It’s just a place (What I’ve learnt about being Jewish in strange new places)

I guess what tribe I belong to can't only be explained on scientific, or genealogical lines. Maybe I simply shudder in a particular way when I hear the name 'Adolf Hitler'. Maybe Jews aren't related just by blood but in our synapses?

An outing in Madrid

On Friday evening, I was heartened by the welcome I received in Madrid’s Reform Jewish community, close to where I live. It’s not as though I was expecting a cold reception, but I’ve had many varied experiences over the years visiting synagogues and centres of Jewish culture.

I will come to why in a few moments.

There’s a lyric I find especially resonant in ‘Anatevka‘, one of my favourite songs from ‘Fiddler on the roof‘. Amazingly, ‘Fiddler on the roof‘ soon celebrates its fiftieth anniversary since its cinematic release. Here’s the lyric that touches me…

Soon I’ll be a stranger in a strange new place,
Searching for an old familiar face

The community of Anatevka, understood to be a Shtetl in what we now call Ukraine, faces the imminent threat of a pogrom as the Tsar’s army look to forcibly displace them.

One of the community acknowledges the threat, but only by flatly reminding Tevye (played by Topol) and his neighbours that their ancestors had experienced many such threats, and on many occasions, they too had to leave what they supposed was their ‘home’ for a distant new place.

I can hardly compare myself to Topol’s Tevye (I don’t have anything like the charm, or indeed his singing voice), but I too felt like a stranger in a strange place when I entered Comunidad Judia Reformista de Madrid (CJRM). Soon, though, I received such a warm welcome. I wasn’t searching for old, familiar faces, but nevertheless, I did find familiar characters and personalities.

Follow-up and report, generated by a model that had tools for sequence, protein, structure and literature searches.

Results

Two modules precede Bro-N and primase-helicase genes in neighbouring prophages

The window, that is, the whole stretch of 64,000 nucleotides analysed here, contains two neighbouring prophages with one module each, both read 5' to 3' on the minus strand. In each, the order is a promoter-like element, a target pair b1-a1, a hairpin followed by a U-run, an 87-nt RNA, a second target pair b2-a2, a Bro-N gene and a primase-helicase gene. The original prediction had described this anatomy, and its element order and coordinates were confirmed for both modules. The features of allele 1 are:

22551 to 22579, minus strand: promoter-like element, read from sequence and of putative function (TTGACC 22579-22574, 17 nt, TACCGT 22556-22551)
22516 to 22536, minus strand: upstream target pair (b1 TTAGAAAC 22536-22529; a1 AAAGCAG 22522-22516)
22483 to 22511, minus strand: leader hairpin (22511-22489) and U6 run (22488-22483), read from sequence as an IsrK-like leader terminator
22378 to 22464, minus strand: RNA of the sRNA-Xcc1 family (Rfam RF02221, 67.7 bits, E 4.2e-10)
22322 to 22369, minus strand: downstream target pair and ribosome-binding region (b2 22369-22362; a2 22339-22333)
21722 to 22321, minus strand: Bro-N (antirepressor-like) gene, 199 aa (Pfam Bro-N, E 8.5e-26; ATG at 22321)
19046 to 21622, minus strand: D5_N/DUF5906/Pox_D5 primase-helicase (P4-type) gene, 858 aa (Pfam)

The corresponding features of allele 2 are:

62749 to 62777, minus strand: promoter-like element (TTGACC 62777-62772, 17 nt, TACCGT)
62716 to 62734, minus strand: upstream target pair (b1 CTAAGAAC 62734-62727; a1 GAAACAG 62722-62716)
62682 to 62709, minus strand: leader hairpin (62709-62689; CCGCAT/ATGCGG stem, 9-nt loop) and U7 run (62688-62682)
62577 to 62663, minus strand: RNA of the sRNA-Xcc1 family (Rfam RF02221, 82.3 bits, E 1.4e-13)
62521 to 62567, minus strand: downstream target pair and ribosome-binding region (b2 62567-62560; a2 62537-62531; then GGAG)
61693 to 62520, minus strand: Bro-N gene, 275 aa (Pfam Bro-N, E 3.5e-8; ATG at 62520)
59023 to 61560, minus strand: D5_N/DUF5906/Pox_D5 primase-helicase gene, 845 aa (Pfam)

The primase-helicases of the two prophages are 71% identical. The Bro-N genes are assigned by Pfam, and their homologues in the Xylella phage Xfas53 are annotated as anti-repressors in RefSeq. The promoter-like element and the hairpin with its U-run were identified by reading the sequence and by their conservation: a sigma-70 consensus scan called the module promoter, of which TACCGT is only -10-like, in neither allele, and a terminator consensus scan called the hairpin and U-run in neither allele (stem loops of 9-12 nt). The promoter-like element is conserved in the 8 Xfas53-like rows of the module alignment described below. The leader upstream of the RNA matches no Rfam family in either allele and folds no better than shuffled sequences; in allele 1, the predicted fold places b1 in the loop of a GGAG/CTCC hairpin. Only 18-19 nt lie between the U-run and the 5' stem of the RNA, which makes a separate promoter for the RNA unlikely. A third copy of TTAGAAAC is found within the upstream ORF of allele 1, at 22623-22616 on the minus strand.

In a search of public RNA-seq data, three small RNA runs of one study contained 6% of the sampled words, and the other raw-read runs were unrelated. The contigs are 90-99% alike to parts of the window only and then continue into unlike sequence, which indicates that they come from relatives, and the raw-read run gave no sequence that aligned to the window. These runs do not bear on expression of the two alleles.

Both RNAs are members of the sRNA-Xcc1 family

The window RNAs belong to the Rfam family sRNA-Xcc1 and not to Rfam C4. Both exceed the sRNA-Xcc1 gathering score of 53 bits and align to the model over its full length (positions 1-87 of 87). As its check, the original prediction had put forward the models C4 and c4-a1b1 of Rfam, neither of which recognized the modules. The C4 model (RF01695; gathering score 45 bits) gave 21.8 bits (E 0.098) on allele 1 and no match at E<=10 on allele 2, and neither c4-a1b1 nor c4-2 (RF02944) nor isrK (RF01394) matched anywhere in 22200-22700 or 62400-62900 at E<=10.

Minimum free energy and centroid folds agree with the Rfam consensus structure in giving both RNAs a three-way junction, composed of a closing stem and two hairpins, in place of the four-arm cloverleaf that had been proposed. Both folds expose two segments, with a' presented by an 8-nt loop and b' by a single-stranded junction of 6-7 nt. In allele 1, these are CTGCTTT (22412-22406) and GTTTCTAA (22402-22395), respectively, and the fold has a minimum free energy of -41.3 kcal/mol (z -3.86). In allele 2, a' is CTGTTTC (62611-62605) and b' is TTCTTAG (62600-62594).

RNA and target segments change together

There was the open-hearted President of the community, with her curly, syrup-brown, hair. She invited those of us in attendance to consider the contemporary significance of Noah’s story, and what it means to start again in a broken world (I scarcely understood a word, but my goodness, I did appreciate her Spanish pronunciation, and how she enunciated every word. There were such soft cadences to her singing voice).

There were community members I could plausibly come across in many other reform and liberal congregations around the world: the older Jewish women who helped to correct me, quite directly, but with the very best intentions, and the Jewish men who were whipsmart, never missing a gag, never missing an opportunity to make a thoughtful connection in the flow of joyful conversation.

No longer a stranger, even though I’m in a new place?

They were familiar faces – not ‘old faces’ as such, but people who talked like me.

They shrugged like other Jews.

Some had the common rasp to their voice that I find many Jewish people have, (that I instantly recognise, and which sees me point out to my partner, ‘ah, they must be Jewish’, even when my back is turned).

They were people I felt I had the measure of.

Hebrew, the common denominator

It was cheering to be in a sanctuary, in the middle of one of the world’s most Catholic countries, where, regardless of our different nationalities, we could connect over Hebrew songs and familiar verses. There were Jews from Serbia there, and from Australia, and the United States. All I needed was to hear the introduction of V’shamru, and I was tapping my feet. So too, it seemed, were some of the others.